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Common Mode Madness Print E-mail
May 19, 2013 at 10:57 PM

Too much common mode noise on your AES3 output to pass EN55022? Almost no space left for breaking the pcb traces without destroying everything around them?
Things like these happen always after you had the first spinout of prototype boards, so that you're forced to become creative. This is a modification of a digital output that was designed to have perfect transitions and minimal rise and fall times to be as good and robust as possible. Unfortunately Monsieur Fourier cought me, and I had to change the output circuit a bit.

Usually I really enjoy fine pitch rework while prototyping, but to be honest, these 0603 TDK common mode chokes are just a mechanical mess. While it may be ok if they're really simultaneously reflowed on pads, I broke one instantly when soldering the fine wire (0.15mm diameter) to one of the pins and then bent the copper wire over to the pin of the pulse transformer. The solderable area at the edges of the choke decided to separate and live the rest of it's life on the wire instead of creating a decent connection to the choke.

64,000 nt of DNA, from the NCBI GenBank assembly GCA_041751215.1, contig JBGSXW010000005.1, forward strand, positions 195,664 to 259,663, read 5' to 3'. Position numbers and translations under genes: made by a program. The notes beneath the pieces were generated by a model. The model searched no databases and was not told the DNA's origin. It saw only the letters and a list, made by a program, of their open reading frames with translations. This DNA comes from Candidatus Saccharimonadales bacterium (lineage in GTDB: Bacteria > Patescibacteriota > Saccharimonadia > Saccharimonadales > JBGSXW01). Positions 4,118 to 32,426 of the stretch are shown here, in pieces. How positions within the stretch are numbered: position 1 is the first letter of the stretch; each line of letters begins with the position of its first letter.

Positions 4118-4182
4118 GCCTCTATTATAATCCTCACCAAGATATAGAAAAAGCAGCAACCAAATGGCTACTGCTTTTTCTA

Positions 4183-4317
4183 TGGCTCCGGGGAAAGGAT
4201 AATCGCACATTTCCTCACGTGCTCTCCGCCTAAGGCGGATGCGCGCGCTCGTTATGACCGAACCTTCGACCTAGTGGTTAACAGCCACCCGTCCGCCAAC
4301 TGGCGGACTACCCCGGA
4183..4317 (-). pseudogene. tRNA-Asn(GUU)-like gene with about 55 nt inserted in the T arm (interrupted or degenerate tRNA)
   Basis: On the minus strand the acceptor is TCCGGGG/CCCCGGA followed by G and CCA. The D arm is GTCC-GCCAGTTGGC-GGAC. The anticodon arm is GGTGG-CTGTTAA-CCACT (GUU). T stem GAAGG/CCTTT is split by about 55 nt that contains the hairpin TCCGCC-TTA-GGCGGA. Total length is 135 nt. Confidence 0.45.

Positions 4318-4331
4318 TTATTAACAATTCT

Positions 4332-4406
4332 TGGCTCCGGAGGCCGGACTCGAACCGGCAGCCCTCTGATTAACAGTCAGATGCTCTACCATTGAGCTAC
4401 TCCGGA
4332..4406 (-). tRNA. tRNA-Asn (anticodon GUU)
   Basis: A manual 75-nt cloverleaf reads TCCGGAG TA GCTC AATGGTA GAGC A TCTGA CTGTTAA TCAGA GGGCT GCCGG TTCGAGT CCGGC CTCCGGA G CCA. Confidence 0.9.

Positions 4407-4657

The other way around it worked, but still was a bit fiddly, especially since the choke is hold in place by instant glue making it virtually impossible to remove in a clean way. By the way, the "large" resistor in the upper right corner is a 0805 1/8 Watt 110R resistor doing the termination of the AES3 output. The choke itself is smaller (0603) and has four pads ... so if you think 0805 is small, no, it's not. There is so much more that can be done by hand, I'd say down to 0603 not even a microscope is necessary for people with common vision capabilities. Though it might come handy during inspection.

But the good thing about prototypes is - you can actually test the behaviour of the whole system under real life conditions and of course, the change of parameters when applying changes to the circuits. I hope this EMC problem is fixed now, my measurements tell me it should be enough.

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